One of the unions representing employees of the AA has called on The Pensions Regulator to "rigorously" investigate trustees of the pension plan after the scheme's deficit hit £622m.
In a statement on Monday (17 October), GMB urged the regulator to investigate whether the scheme trustees had behaved "in a correct and proper manner as the pension deficit rises to reach £622m".
In particular, it urged the regulator to examine trustees' conduct in relation to rules over "conflicts of interest".
Paul Grafton, GMB regional organiser, compared the AA scheme to the BHS scheme under the ownership of Philip Green.
"The role played by the AA pension fund trustees at the time the deficit has ballooned to £622m must be rigorously investigated and scrutinised in detail by the Pensions Regulator," he said.
"As the BHS pension deficit under Philip Green’s watch is being put under a spotlight, so must the AA deficit which is nearly twice as much. Politicians are demanding that Philip Green uses some of his personal fortune to plug the BHS pension shortfall."
He questioned whether the trustees had been "properly proactive" in protecting the fund while money had "flowed out of the organisation to the private equity owners and in interest payments to cover the debt mountain they landed on the organisation".
The call came the week after the Work and Pensions Select Committee began its inquiry into the DB sector.
The first person to appear before the committee was former pensions minister Steve Webb. Mr Webb said more should be done to ensure that companies are not paying out generous dividends at the expense of their pension schemes.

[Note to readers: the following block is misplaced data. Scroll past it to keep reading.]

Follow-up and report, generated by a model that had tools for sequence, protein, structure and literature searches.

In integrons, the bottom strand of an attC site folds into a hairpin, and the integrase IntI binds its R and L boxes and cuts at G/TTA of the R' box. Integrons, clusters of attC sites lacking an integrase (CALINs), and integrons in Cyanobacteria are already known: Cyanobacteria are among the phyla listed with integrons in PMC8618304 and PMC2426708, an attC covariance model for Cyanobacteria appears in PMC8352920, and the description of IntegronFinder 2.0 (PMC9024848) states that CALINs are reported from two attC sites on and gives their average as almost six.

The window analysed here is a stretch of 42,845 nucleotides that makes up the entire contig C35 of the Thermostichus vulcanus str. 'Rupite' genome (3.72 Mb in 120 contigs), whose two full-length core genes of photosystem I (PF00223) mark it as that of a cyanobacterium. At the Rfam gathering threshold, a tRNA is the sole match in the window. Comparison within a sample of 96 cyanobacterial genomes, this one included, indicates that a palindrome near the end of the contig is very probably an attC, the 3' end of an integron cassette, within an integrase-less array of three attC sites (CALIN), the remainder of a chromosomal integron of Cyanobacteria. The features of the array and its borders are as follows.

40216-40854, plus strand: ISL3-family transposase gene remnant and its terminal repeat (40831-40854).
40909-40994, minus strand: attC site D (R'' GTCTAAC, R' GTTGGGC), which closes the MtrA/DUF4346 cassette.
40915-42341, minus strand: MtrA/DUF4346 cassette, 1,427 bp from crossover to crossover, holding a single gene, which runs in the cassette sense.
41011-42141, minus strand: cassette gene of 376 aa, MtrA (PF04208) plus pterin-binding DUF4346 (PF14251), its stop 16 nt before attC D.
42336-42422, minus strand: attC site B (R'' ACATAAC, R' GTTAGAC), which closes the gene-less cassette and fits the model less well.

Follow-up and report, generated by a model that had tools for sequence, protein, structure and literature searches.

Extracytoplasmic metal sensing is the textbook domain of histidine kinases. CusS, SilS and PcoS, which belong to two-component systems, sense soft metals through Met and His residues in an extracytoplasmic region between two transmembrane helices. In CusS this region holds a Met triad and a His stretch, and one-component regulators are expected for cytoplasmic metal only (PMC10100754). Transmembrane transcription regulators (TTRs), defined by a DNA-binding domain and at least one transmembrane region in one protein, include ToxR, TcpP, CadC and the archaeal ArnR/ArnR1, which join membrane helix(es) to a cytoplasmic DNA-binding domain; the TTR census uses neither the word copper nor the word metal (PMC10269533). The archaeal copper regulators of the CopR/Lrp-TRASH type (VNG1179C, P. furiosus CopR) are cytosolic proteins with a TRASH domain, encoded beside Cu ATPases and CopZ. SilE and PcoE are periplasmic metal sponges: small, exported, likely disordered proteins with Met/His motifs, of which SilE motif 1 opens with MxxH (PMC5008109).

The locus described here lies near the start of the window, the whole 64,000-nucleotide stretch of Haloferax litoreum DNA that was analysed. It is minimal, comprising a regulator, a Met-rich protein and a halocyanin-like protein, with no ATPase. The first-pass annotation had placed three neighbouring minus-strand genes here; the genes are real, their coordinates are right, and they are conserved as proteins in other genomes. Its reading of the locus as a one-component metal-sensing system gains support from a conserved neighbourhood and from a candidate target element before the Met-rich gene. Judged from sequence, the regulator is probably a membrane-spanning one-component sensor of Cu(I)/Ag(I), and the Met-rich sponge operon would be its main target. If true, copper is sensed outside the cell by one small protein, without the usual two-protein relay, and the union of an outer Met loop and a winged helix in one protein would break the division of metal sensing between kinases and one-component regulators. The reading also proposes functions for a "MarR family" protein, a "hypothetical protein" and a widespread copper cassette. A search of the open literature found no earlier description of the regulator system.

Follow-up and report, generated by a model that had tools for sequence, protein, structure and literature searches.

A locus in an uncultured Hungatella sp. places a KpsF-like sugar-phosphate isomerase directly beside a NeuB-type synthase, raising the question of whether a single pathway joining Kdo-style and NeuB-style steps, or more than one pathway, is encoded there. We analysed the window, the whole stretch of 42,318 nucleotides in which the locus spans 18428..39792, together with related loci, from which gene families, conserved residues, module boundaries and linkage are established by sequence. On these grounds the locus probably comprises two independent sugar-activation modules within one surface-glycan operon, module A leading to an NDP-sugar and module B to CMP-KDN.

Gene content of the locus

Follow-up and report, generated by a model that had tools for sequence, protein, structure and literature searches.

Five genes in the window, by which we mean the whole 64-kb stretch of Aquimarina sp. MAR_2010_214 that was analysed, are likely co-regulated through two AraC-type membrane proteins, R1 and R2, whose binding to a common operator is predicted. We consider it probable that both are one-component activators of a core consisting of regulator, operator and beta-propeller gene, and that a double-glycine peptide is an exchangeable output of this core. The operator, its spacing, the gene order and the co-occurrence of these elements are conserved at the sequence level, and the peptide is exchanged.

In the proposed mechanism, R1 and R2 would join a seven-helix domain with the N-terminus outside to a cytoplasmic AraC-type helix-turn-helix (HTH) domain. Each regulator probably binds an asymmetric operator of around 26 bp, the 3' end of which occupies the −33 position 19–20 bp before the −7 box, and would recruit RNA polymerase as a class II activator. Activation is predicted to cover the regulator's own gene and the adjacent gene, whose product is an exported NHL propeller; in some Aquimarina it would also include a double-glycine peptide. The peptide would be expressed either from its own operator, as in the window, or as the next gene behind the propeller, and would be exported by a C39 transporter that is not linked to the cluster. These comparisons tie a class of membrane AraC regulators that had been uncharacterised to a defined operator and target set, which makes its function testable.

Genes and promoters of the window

He also said encouraging DB to DC transfers could help the situation. However, he said allowing schemes to reduce benefits - which committee chair Frank Field has suggested - should be a last resort.
In its submission to the inquiry, released last week, The Pensions Regulator requested powers to require the winding-up of pension schemes at the request of trustees or the PPF, as well as punitive powers to fine employers who seek to avoid pensions obligations.
Responding to GMB's claims, AA president Edmund King said: "You can rest assured that the AA pension trustees always act with the utmost propriety and it is scandalous to suggest otherwise.
"The current size of the IAS 19 accounting deficit has more to do with the drop in the value of gilts and bonds post Brexit than anything the Trustees could or couldn’t do."
A spokesperson for The Pensions Regulator said: “We do not comment on individual cases or companies unless it becomes appropriate to do so.”